Chris Burke, the 57-year-old American actor famous for his playing ‘Corky’ in the television series Life Goes on, once said, “I have Down syndrome, but Down syndrome doesn’t have me.” Burke was born with a rare neurodevelopment condition called mosaic Down syndrome. His words reflect his tenacity and grit to not let the debilitating condition overcome him.
Down syndrome is a genetic condition caused by a chromosomal abnormality specific to chromosome 21 in an individual. According to a United Nations report, approximately 3,000 to 5,000 children are born with this condition yearly.
Read more: Embracing differences: celebrating Down syndrome
Our genetic blueprints are stored in 23 pairs of different chromosomes, varying in size and shape – one set transferred from each parent. Each chromosome has different genes that play specific roles responsible in the proper development of the human body. Studies have shown that chromosome 21 has about 200-300 genes that primarily produce proteins in the body. Down syndrome occurs when there is an extra copy of a chromosome on the 21st pair.
Other studies have shown that chromosome anomalies arise during cell division, either shortly after fertilisation or in the early stages of embryo development, resulting in alterations to chromosome number, structure or function. The changes lead to the production of faulty proteins in the body, resulting in developmental delays, short stature, poor muscle tone, flattened facial structure, or weak joints.
People with Down syndrome are also susceptible to other neurodegenerative conditions, heart ailments, and infections.
Based on the causes of the abnormality at chromosome 21, Down syndrome is of three types:
- Trisomy 21 –During fertilisation, the addition of an extra chromosome leads to Trisomy 21. Here, the offspring inherits two copies of chromosome 21 from the mother and one from the father. This surplus of genes and their codes translates into faulty protein-making processes. Studies have shown that 95 per cent of individuals with Down syndrome have inherited trisomy 21.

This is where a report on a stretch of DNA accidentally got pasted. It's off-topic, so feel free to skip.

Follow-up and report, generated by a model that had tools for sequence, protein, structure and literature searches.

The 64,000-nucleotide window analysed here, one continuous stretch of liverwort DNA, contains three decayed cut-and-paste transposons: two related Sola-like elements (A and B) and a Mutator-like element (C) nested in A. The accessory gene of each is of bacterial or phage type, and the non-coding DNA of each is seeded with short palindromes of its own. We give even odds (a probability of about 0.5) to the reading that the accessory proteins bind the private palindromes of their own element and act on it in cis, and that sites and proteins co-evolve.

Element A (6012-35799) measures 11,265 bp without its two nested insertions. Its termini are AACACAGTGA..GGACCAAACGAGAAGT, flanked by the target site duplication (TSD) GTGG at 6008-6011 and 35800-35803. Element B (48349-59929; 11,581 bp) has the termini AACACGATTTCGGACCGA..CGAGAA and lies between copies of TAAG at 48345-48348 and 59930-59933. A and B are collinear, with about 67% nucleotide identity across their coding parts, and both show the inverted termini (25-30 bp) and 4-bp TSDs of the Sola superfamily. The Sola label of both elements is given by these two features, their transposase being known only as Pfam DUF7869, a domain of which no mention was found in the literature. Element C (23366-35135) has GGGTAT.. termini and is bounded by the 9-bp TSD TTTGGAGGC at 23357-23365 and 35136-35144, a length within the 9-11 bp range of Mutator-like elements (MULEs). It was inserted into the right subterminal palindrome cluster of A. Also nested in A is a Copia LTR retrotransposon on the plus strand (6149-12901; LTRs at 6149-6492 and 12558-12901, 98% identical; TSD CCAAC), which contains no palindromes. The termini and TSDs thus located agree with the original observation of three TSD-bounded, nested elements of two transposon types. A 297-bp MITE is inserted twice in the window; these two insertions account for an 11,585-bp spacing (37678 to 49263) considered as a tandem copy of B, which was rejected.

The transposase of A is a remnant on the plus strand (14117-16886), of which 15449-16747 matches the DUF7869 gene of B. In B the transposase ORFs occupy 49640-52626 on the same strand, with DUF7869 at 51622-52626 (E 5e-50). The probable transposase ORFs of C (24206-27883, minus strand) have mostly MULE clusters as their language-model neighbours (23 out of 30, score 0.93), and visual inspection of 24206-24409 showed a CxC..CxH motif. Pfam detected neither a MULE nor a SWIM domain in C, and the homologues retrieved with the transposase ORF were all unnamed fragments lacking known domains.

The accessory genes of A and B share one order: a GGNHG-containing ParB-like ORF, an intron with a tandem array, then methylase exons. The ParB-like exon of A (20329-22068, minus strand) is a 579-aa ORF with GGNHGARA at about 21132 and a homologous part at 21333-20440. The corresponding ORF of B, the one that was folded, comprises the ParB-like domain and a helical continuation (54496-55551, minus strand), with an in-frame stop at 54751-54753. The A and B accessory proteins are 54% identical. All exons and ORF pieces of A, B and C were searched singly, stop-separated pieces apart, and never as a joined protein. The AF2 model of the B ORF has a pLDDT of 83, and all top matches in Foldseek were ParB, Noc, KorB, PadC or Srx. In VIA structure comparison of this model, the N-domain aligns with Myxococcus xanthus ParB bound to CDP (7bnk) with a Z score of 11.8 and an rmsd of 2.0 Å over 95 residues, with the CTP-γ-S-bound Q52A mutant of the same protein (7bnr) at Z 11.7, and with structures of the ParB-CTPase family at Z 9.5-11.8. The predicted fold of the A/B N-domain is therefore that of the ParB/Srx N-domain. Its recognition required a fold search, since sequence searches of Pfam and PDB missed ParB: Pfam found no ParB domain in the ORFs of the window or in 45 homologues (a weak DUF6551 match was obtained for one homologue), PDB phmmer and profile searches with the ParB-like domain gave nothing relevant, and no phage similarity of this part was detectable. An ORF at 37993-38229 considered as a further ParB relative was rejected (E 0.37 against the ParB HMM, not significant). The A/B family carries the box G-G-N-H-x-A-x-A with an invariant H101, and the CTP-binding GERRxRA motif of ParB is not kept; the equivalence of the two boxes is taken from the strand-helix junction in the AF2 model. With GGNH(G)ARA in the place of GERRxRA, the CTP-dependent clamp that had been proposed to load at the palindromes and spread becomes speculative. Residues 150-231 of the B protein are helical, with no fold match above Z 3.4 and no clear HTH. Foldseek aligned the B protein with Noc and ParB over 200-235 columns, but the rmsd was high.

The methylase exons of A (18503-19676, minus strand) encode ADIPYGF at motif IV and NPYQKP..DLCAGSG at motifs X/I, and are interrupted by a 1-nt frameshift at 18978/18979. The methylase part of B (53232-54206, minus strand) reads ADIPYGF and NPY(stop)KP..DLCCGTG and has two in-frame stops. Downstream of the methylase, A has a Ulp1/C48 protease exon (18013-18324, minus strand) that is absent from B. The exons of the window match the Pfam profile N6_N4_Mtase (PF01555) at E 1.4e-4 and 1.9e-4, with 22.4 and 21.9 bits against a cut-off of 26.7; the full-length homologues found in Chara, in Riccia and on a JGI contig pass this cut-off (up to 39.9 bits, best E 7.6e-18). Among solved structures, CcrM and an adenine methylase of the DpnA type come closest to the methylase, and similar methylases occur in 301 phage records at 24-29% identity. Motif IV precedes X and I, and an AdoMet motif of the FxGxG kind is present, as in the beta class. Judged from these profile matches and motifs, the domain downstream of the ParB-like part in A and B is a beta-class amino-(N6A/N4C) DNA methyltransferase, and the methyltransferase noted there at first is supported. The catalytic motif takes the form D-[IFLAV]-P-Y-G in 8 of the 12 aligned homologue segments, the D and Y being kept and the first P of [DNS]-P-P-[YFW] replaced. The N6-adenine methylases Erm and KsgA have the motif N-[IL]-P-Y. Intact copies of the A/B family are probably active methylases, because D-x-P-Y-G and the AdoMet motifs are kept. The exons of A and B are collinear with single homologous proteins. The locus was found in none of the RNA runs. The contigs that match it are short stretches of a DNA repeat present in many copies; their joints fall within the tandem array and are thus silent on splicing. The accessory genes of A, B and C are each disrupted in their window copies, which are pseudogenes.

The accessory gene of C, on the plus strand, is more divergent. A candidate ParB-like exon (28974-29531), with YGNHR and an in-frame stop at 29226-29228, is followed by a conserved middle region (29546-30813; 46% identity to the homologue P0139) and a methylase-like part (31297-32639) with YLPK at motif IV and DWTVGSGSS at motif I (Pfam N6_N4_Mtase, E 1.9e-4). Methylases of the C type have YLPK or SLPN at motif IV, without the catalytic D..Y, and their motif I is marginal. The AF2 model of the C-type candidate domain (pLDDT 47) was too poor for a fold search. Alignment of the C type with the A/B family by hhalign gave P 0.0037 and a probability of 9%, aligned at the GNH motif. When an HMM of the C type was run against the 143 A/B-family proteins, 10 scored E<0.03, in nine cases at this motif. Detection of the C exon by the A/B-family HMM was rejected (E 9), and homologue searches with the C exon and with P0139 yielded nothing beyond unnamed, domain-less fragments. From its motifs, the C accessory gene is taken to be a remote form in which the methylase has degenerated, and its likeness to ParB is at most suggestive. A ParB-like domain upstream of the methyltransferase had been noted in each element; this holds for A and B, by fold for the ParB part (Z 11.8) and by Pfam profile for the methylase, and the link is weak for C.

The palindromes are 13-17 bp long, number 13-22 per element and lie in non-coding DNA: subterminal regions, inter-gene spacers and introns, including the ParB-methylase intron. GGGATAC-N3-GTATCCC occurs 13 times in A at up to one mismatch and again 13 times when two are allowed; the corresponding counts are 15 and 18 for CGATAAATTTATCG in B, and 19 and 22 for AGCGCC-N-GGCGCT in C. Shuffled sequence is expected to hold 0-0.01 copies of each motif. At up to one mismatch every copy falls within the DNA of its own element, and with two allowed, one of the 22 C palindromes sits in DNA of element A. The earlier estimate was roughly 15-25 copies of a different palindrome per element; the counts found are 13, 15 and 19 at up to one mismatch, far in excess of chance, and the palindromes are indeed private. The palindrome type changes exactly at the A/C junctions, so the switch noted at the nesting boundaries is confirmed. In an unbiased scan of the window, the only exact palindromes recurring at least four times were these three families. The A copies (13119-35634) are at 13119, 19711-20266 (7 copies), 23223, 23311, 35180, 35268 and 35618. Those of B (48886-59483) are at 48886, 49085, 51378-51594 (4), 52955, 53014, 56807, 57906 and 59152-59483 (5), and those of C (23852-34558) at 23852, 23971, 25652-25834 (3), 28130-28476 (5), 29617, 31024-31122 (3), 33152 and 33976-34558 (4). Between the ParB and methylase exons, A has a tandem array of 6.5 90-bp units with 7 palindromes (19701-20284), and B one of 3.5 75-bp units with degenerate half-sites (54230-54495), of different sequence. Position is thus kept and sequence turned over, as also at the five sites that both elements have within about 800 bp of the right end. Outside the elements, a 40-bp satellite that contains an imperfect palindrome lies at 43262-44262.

- Translocation –In 3-4 per cent of people with Down syndrome, anomalies occur when genetic material is transferred between chromosome 21 and another chromosome, often the neighbouring chromosome 14. This translocation results in a part of chromosome 21 breaking off and attaching to chromosome 14. It is also an inherited condition that both parents can pass on.
- Mosaic –Mosaic Down syndrome is rare, and only one per cent of people have it, as in Burke’s condition. It occurs due to abnormal cell division during the baby’s development in the womb. Studies have shown that although it is similar to trisomy 21 with an extra copy of a chromosome, not all cells have a third copy of the chromosome.
Although multiple factors can contribute to the likelihood of a child developing Down syndrome, studies have identified some major risk factors:
- Maternal age: Women who conceive after the age of 35 years are at a higher risk of having a baby with Down syndrome than younger mothers. As the mother’s age increases, there are higher chances of cell division errors in the developing foetus.
- Family history: Individuals with a family history of chromosomal abnormalities are at a higher risk of having a child with Down syndrome.
- Carriers of genetic translocation: Either the father or the mother can transfer the translocated gene to the offspring and increase the risk of inheriting Down syndrome.
To quote Brian Skotko, director of the Down Syndrome Program at Massachusetts General:
“People with Down syndrome can be successful in life, love, and work, and they deserve the same opportunities as everyone else.”